Thomas Grammig

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Expert-interaction Variables for Social Processes

Development projects bring knowledge from different experts together, with a view to improve economic efficiency.  The variables of a project, e.g. time, roles, management, input, output and so on, are defined to accommodate the knowledge content these experts bring with them.  Their interaction can hinder the application of expert knowledge because the knowledge content also reflects personal beliefs, heuristics and experiences of these experts.  Project planning combines their expert knowledge, but in practice this combining rarely occurs.  The expert interaction is limited by the experts´ capacity to reflect on their professional differences.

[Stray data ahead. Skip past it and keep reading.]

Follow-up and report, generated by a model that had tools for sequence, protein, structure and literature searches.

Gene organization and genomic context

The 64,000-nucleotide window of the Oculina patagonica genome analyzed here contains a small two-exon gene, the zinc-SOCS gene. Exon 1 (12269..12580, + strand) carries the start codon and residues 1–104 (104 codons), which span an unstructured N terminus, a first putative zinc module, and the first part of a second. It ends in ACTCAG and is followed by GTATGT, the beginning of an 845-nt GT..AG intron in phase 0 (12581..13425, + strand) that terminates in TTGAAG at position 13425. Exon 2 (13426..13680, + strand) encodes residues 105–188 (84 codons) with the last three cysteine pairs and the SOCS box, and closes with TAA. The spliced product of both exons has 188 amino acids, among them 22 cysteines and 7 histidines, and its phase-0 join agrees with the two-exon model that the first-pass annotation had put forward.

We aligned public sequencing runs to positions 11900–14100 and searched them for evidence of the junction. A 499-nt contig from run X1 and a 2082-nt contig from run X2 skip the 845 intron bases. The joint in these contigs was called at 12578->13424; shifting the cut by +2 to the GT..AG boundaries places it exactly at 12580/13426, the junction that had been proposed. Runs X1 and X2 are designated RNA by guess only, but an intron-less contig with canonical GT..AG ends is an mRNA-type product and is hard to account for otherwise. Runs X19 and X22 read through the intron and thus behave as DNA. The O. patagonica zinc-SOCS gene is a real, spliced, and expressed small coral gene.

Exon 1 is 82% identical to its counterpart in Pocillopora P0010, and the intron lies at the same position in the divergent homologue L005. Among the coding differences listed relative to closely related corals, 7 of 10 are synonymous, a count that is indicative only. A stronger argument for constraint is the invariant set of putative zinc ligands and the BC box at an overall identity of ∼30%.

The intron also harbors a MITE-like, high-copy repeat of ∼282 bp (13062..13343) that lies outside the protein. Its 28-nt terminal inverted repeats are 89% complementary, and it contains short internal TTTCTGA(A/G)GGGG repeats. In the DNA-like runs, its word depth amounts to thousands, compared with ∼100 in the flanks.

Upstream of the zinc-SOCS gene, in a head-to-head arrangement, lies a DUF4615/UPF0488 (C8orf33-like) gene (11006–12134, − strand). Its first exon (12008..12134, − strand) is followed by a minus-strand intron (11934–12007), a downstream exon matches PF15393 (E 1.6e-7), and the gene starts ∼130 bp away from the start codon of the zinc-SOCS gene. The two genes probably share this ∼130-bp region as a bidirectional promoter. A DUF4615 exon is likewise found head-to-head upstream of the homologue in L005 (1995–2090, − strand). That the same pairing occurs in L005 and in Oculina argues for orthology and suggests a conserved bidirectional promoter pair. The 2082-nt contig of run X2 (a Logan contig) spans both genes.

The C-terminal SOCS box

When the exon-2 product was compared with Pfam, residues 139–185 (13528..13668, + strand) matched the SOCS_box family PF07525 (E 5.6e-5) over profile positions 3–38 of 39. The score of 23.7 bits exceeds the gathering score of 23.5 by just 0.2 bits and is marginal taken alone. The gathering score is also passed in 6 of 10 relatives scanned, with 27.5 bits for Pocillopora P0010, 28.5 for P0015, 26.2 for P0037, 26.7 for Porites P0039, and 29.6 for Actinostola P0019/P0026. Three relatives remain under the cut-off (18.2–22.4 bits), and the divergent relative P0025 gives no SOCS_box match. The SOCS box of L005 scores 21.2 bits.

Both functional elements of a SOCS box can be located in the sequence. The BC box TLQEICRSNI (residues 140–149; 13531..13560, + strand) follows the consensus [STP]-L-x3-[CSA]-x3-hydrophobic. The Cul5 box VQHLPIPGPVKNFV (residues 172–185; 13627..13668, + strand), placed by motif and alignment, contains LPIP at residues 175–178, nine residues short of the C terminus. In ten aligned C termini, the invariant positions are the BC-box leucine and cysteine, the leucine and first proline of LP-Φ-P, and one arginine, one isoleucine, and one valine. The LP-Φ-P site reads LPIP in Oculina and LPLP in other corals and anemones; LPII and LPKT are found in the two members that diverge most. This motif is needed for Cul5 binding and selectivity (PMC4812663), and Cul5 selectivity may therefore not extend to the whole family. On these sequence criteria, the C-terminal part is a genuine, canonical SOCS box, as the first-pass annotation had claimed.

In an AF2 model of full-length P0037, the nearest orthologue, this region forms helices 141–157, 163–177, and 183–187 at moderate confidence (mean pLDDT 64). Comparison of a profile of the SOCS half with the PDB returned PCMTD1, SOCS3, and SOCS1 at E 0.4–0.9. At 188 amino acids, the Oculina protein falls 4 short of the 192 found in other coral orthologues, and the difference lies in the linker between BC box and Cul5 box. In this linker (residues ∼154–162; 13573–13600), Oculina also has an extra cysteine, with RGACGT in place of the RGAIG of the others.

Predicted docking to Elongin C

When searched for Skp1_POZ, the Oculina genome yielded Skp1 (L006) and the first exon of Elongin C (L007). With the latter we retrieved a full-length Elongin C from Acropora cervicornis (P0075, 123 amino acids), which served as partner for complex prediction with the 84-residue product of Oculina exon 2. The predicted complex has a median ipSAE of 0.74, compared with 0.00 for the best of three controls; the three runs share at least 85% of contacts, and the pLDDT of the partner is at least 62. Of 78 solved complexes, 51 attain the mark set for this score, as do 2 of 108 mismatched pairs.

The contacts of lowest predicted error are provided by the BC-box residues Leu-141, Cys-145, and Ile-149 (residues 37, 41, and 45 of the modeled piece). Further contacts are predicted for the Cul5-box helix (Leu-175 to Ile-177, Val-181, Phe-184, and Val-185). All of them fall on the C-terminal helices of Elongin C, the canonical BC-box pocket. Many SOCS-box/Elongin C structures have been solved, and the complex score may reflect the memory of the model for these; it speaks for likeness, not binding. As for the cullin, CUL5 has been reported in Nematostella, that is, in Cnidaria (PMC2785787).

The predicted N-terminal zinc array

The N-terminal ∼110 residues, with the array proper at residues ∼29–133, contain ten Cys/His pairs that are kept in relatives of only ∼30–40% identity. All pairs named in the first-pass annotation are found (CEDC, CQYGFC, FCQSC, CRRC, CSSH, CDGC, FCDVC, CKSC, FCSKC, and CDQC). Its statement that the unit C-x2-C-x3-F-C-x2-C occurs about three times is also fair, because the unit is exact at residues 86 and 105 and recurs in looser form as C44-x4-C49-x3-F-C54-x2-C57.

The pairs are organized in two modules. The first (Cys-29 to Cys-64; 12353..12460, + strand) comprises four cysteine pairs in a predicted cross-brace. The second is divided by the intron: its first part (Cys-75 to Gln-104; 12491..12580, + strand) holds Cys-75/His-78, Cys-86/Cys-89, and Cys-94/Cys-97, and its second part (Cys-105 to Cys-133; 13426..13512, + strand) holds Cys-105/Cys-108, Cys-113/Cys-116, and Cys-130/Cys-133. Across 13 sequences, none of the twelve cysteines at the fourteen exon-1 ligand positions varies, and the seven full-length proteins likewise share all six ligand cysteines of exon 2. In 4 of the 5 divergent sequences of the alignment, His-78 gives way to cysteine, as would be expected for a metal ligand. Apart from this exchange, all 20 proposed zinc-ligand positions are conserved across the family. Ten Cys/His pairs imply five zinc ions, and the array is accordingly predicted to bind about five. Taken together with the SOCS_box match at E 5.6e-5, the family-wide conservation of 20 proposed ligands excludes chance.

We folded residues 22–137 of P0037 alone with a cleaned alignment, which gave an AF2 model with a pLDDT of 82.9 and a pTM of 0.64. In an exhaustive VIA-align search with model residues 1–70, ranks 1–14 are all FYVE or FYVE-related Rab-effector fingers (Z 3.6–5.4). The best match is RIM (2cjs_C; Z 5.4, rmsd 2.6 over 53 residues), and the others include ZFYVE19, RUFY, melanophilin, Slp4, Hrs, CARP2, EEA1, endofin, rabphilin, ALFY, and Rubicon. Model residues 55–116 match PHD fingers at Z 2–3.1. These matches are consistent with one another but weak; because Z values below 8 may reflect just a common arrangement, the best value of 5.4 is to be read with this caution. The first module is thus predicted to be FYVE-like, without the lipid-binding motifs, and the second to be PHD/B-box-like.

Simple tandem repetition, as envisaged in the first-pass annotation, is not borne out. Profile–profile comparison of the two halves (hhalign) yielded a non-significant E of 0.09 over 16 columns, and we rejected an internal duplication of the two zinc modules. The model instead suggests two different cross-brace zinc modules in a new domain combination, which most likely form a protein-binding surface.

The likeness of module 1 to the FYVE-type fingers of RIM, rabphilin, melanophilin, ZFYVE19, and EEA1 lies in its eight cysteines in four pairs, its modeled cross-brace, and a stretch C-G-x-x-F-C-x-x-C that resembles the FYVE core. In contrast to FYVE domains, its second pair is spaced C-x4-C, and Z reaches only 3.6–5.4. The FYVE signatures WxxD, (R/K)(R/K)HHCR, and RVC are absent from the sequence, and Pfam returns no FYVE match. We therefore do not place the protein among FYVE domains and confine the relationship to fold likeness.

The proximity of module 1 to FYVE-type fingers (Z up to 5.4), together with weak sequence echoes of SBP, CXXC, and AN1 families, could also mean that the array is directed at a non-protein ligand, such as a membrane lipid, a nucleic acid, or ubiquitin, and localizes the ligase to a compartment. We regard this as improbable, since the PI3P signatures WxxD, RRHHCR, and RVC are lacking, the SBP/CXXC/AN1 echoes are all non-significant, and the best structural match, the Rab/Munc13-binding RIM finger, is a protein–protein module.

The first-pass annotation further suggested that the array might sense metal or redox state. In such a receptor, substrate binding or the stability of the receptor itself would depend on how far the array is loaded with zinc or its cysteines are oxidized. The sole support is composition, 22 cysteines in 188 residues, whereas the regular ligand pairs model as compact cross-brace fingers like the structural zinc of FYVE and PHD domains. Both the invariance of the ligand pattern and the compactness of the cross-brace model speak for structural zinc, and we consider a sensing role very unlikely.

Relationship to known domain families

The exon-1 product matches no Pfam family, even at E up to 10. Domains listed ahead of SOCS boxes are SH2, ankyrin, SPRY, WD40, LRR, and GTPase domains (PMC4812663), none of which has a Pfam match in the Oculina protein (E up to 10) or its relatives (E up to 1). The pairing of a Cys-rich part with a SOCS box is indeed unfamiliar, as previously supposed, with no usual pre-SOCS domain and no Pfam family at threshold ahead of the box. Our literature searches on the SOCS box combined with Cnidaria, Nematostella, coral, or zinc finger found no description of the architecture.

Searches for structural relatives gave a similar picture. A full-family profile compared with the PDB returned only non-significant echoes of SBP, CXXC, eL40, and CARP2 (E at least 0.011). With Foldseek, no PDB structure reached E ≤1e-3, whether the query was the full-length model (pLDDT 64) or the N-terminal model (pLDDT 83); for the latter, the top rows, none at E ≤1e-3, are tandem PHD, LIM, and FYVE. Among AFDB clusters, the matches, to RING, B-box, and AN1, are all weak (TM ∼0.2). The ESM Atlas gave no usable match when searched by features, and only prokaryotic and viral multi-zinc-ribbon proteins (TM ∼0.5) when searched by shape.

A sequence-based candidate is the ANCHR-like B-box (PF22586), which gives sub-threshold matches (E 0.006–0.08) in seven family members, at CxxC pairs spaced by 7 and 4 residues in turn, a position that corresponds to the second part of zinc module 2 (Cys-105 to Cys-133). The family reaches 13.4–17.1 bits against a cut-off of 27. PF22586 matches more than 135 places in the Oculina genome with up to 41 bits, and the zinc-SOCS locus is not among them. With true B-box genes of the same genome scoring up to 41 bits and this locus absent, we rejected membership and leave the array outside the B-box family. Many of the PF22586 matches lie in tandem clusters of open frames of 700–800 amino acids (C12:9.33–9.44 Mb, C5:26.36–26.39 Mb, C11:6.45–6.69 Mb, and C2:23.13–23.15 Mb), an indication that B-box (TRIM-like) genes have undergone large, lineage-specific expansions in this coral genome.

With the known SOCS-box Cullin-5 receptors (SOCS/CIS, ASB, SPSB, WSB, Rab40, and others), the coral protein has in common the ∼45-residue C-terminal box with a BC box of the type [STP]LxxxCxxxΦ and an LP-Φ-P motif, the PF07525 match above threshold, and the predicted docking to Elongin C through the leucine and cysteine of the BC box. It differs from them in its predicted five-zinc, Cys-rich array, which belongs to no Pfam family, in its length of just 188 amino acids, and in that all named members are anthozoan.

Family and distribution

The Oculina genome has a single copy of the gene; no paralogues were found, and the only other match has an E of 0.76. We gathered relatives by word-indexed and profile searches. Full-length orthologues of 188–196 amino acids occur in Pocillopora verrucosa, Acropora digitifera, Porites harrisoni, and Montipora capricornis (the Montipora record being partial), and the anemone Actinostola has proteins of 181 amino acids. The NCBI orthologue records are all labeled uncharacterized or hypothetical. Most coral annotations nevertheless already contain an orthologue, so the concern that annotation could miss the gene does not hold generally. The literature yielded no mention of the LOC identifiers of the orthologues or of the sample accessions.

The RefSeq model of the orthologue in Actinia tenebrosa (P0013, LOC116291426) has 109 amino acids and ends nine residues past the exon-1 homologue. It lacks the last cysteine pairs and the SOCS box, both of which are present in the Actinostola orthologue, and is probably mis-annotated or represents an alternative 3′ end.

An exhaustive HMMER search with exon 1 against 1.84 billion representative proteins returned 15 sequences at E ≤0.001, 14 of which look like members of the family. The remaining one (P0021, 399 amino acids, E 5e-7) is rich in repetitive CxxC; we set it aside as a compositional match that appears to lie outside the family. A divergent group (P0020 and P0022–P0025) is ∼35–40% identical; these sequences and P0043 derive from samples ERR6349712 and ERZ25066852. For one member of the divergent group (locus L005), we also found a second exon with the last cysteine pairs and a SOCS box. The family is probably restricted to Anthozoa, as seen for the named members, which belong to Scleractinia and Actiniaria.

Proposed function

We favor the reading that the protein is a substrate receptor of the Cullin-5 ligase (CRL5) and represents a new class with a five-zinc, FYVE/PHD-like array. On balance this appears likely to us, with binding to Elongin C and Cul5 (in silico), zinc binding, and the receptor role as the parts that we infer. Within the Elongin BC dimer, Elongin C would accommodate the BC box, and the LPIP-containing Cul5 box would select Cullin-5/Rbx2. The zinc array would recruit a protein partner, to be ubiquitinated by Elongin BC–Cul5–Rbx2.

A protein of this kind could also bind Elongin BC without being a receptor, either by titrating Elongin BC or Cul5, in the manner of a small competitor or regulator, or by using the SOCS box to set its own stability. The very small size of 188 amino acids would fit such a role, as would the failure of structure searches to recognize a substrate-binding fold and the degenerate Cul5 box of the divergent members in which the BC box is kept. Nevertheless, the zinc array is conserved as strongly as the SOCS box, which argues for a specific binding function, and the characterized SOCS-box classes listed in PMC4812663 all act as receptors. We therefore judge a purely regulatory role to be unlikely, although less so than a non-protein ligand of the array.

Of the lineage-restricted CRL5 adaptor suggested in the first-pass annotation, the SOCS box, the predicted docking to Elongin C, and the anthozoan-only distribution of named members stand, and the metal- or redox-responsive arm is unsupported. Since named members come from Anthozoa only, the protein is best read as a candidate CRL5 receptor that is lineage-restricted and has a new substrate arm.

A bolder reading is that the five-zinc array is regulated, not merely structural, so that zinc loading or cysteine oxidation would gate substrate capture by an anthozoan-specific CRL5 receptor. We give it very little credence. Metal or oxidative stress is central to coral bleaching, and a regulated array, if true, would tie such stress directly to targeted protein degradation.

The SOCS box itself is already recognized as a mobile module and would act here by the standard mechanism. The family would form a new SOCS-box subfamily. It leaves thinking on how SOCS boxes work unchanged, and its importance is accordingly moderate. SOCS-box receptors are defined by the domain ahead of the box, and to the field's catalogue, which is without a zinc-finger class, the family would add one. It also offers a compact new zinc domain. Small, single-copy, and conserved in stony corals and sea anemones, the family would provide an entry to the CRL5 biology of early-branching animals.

A frequent error made by planers, managers, experts and theorisers alike is to assume that expert interaction is rigid and unchangeable.  Some tend to see experts´ character, psychology or personality as being in the way of achieving goals.  Others assume the opposite, that wider social factors were stronger and whatever their communication skills and experience, individual experts cannot break out of the historical, geo-political or cultural factors which determine their work.  Sometimes one or the other assumption is partially correct.  Personalities can get into the way of combining expert knowledge, and wider social factors can prevent individual experts from achieving a clear goal which they attain elsewhere at ease.  In all cases, both assumptions are simplifications because there are also factors for expert interaction which are neither individual psychology nor the macro context.  Instead, these are created during expert interaction, i.e. they are due to the particular actions undertaken.  In other words, these factors do not reflect individual psychology pre-existing expert interactions, nor the macro context which surrounds that interaction, but they originate in that interaction.